A community-funded affordable housing scheme for Cape Town has been named on a shortlist of five entries for Africa in a global competition run by the Royal Institution of Chartered Surveyors to find solutions to problems facing the world’s cities.
(Delft)LINK, entered by Jonathan Wilson and Anees Arnold, students from South Africa who are currently studying in the UK, is South Africa’s first community funded affordable housing initiative. It is a non-profit company that links prospective local developers, investors and tenants via a smart phone application.
Cape Town suffers from a severe shortage of housing for low-income earners. The scheme, situated in Delft South, a housing settlement close to Cape Town International Airport, looks to solve this by empowering local residents to become micro-developers of their own good quality, affordable housing. This will in turn generate economic growth in local communities and enable residents to live, work and play closer to where they live.
“(Delft)LINK’s approach improves the quality of the built environment, equalises access to economic resources and improves the quality of life of those in marginalised areas. Notably, the project has the potential to be implemented in other, similar areas. It also reduces the time and income spent by low-income earners on transportation in order to access economic opportunity” says TC Chetty, RICS Country Manager for South Africa.
“Globally, with three million people moving to cities every week, the growth of the urban population is one of the biggest challenges facing society today. This rapid expansion is putting ever more strain on urban infrastructure and services. Many city dwellers live in slums or poor-quality housing and many have to contend with with poor air quality and inadequate transport links.”
The Cities for our Future competition, run by RICS in partnership with the United Kingdom National Commission for UNESCO and the Association of Commonwealth Universities, called upon young people to come up with new ideas to help tackle the most pressing problems affecting cities in Africa and around the world. The competition received more than 1 200 entries globally and over 200 from Africa alone. The overall winner of the competition will receive a prize of £50 000.
Other shortlisted entries offering solutions in Africa
Other entries of benefit to the African continent include an idea to use recycled plastic in buildings to help deal with plastic waste in Nairobi, proposed by Joseph Mwangi from Kenya. With over $500 million of development planned in Nairobi alone, the use of more recycled plastics in building products would help deal with the extensive plastic wastes problem Kenya faces from the 50 million plastics bottles thrown away annually in the country.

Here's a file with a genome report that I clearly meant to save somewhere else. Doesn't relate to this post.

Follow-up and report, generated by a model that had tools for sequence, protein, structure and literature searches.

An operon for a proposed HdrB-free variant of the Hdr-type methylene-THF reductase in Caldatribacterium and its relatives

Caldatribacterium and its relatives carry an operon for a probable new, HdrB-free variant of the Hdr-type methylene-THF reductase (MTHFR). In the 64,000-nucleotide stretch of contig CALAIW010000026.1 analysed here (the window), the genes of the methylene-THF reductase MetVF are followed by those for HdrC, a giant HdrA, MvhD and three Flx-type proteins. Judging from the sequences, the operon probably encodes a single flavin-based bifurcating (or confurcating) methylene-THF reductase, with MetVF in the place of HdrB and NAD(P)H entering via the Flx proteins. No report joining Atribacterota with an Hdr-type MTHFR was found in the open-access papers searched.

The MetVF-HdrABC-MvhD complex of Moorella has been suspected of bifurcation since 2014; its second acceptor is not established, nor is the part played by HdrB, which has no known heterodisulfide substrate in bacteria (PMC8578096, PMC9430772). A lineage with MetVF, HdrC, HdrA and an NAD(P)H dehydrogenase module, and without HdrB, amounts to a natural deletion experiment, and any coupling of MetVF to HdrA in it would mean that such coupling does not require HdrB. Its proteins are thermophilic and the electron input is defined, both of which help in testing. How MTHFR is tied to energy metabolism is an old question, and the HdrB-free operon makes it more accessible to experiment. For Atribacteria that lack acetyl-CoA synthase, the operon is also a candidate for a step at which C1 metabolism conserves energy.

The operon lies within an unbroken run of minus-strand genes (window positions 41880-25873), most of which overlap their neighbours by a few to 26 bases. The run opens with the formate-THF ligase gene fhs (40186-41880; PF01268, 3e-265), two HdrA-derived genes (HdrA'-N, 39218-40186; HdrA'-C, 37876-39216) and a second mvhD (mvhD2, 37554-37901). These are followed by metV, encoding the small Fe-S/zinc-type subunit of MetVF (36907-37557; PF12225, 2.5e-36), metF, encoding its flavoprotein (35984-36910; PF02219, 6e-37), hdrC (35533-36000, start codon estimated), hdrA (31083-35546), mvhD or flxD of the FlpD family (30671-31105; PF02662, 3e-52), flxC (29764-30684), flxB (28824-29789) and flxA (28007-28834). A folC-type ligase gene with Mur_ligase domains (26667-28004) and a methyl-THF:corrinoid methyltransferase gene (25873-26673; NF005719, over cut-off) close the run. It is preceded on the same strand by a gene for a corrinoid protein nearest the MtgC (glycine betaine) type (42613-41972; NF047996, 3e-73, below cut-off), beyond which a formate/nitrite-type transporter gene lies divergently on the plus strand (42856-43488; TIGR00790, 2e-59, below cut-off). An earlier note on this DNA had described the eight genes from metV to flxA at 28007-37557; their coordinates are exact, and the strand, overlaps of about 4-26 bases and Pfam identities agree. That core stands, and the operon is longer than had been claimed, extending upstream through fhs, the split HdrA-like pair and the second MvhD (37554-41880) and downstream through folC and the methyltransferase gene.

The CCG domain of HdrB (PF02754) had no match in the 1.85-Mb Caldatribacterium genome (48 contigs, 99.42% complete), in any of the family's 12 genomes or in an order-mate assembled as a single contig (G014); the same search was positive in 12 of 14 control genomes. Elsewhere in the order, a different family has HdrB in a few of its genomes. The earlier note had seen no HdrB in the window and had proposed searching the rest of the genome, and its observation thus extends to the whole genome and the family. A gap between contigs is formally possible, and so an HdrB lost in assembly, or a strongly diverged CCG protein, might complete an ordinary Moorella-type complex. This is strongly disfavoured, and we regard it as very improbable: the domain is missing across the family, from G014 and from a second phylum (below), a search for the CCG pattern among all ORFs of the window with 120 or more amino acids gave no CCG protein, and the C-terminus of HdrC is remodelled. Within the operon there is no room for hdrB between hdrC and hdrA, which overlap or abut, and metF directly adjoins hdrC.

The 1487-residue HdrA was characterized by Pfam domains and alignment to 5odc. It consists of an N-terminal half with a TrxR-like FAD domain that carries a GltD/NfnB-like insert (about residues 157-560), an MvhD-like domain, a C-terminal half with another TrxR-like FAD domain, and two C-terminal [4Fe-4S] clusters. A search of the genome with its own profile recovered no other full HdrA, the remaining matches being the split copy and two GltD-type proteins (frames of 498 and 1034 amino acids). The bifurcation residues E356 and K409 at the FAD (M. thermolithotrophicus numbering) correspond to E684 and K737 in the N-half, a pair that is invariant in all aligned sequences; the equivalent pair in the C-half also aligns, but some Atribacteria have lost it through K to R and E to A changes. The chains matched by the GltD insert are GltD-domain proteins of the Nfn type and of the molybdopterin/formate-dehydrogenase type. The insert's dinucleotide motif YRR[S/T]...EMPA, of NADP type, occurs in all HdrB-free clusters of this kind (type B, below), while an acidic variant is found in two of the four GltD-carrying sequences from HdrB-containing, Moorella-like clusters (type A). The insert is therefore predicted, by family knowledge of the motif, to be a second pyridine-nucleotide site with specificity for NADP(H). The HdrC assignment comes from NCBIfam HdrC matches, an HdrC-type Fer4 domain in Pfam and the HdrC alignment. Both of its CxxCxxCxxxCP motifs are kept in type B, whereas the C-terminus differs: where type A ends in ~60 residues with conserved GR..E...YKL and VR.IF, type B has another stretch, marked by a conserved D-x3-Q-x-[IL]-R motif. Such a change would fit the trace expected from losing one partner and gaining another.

Among other entries designed to address issues on the continent is an idea to retrofit existing buildings in cities across Africa with 3D printed porous insulation panels to improve liveability and reduce energy consumption for cooling and ventilation, which was proposed by Joseph Augustin of the United Kingdom. The idea is for a flexible retrofitting process in which the passive thermal regulation and overall resilience of existing buildings can be improved, while leaving existing homes and communities in place. The scheme will reduce energy consumption from artificial cooling systems.
A plan to build upon the current informal TRO-TRO minibus system to create an effective and more formal transport network based around a number of hubs, was proposed by Eiman Alsakha from Spain. For many Ghanaians, TRO-TROs are the only affordable means of transport and the idea calls for a transport system that builds on this rather than creating expensive new transport infrastructure.
And a plan to use bamboo, one of the world’s fastest growing plants, combined with low carbon Glue laminate technology to build low cost social housing to help solve Nairobi’s housing problems, proposed by Michel Lardin from France. As well as being fast growing, bamboo is strong, yet several times less dense than steel. It can be used to create large structures quickly and cheaply, making it the perfect solution to Nairobi’s urgent housing crisis.
Joshua Askew of JLL, Head Judge of the regional judging panel for Africa said: “UN-HABITAT predicts that the population of many African cities will grow by 85% over the next 15 years. By 2030 over half of Africa’s population will live in cities compared with one third today. Solving problems facing our growing cities has to be a priority for governments across the continent. Young people across Africa and the globe are clearly passionate about dealing with the issues facing our growing cities and we have been hugely impressed by the inventiveness, creativity and quality of the entries for our region. Any one of the five finalists in Africa could go on to be the global winner.”
An overall winner from Africa will be announced in July 2018 and will go on to the global shortlist with the chance to win £50 000. All entries on the global shortlist will get the chance to work with an expert mentor provided by RICS, who will help develop the idea in the run up to the final judging in November.
“Our aim with the Cities for our Future Competition was to harness the ideas of our diverse and talented young people to help solve the challenges of the cities they care about and make them better for generations to come. We hope that the leaders of the world’s cities are listening and will work with us and all of our shortlisted entries to make these ideas a reality and help tackle some of the most pressing issues facing their cities” concluded Sean Tompkins, RICS Global CEO.